Two Comments

The views expressed here are the author's. They do not reflect those of CUSO International.
There is a fundraising element associated with my work in Burma. Please click HERE for a link to my fundraising page.

Thursday, 2 October 2014


As a youth, I was told that all roads lead to Rome.  My status as a profoundly lapsed catholic notwithstanding, that still rings true.

I thought that roads to Yangon, on the other hands, would be few and far between.  The country is only recently emerging from extensive trade and travel sanctions by most western nations.

My first itinerary gave evidence of a direct air link between Seoul, Korea and Yangon, Myanmar (or Rangoon, Burma in old-speak).  Then I had an itinerary with a Hong Kong to Yangon flight, one from Bangkok to Yangon, and one from Hanoi to Yangon. A quick internet search shows that Yangon International has additional international flight to/from Bejing, Taipeh, Doha, Frankfurt, Guangzhou, and Kuala Lumpur.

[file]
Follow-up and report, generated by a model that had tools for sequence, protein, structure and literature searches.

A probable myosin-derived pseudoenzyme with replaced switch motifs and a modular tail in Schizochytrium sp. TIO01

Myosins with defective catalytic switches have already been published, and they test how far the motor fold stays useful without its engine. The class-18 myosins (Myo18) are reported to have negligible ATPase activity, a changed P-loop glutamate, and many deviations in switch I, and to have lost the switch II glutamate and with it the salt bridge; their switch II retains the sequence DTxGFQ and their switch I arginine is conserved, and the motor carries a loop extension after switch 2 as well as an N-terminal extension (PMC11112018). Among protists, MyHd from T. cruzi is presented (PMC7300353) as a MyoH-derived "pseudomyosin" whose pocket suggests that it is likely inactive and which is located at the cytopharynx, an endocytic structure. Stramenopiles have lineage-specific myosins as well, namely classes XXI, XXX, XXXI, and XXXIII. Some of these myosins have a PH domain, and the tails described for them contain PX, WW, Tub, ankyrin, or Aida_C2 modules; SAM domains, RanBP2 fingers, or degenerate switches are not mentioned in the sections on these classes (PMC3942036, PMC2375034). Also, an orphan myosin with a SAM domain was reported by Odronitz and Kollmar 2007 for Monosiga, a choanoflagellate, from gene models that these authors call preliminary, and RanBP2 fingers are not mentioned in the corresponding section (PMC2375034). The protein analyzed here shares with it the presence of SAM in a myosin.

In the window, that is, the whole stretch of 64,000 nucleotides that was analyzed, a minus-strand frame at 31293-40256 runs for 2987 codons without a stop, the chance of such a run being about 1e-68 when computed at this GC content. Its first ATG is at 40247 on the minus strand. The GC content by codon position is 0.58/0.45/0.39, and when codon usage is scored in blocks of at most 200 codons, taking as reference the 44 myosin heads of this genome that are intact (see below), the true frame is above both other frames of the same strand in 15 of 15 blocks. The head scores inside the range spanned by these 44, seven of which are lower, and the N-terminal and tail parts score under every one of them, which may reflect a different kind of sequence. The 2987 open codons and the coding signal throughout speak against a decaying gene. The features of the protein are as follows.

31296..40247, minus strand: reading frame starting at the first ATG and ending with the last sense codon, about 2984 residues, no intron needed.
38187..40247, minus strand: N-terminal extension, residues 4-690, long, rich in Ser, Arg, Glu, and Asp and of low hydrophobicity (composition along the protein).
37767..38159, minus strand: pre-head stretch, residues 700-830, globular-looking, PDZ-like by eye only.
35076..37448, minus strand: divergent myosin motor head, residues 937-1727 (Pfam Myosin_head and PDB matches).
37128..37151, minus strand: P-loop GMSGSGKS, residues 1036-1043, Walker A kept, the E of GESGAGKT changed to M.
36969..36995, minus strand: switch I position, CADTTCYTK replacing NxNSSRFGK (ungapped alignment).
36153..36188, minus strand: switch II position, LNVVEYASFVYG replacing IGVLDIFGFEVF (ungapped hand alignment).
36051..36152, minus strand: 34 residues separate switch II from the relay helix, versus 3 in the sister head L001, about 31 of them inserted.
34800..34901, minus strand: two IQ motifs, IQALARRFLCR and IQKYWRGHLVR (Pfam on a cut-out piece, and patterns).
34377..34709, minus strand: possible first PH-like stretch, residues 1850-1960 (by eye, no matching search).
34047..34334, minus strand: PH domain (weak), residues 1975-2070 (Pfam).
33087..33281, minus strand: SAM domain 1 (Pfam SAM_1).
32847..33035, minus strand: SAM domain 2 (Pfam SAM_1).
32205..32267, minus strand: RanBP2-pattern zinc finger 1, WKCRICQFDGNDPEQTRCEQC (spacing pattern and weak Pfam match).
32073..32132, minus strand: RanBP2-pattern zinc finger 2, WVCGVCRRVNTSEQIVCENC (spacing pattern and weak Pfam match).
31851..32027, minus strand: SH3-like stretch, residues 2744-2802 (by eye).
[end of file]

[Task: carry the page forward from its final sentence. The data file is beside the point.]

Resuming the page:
Once the gates open, modernity floods in fast.

Looking at the traditional land border crossings, there is now four direct road connection to Thailand.  Respectable roads, that is, on which regular buses drive.  There are, of course, many land links to Thailand, but those are not recommended for outsiders.  Too many drug smugglers, separatist movements, and brigands in what is at times designated as the Golden Triangle.  There is also a busy border crossing to China in the north.  China became a key trading partner for Myanmar during the sanctions.  With special permits it is possible to cross into India.  I know of no open border crossings with Bangladesh or Laos.  The northwestern Rakhine state knows many troubles.   

1 comment:

  1. Thanks for the word picture - attempts to be open to traffic of various sorts, the image of brigands and of modernity in its various forms, strife and troubles and links... I look forward to your next post!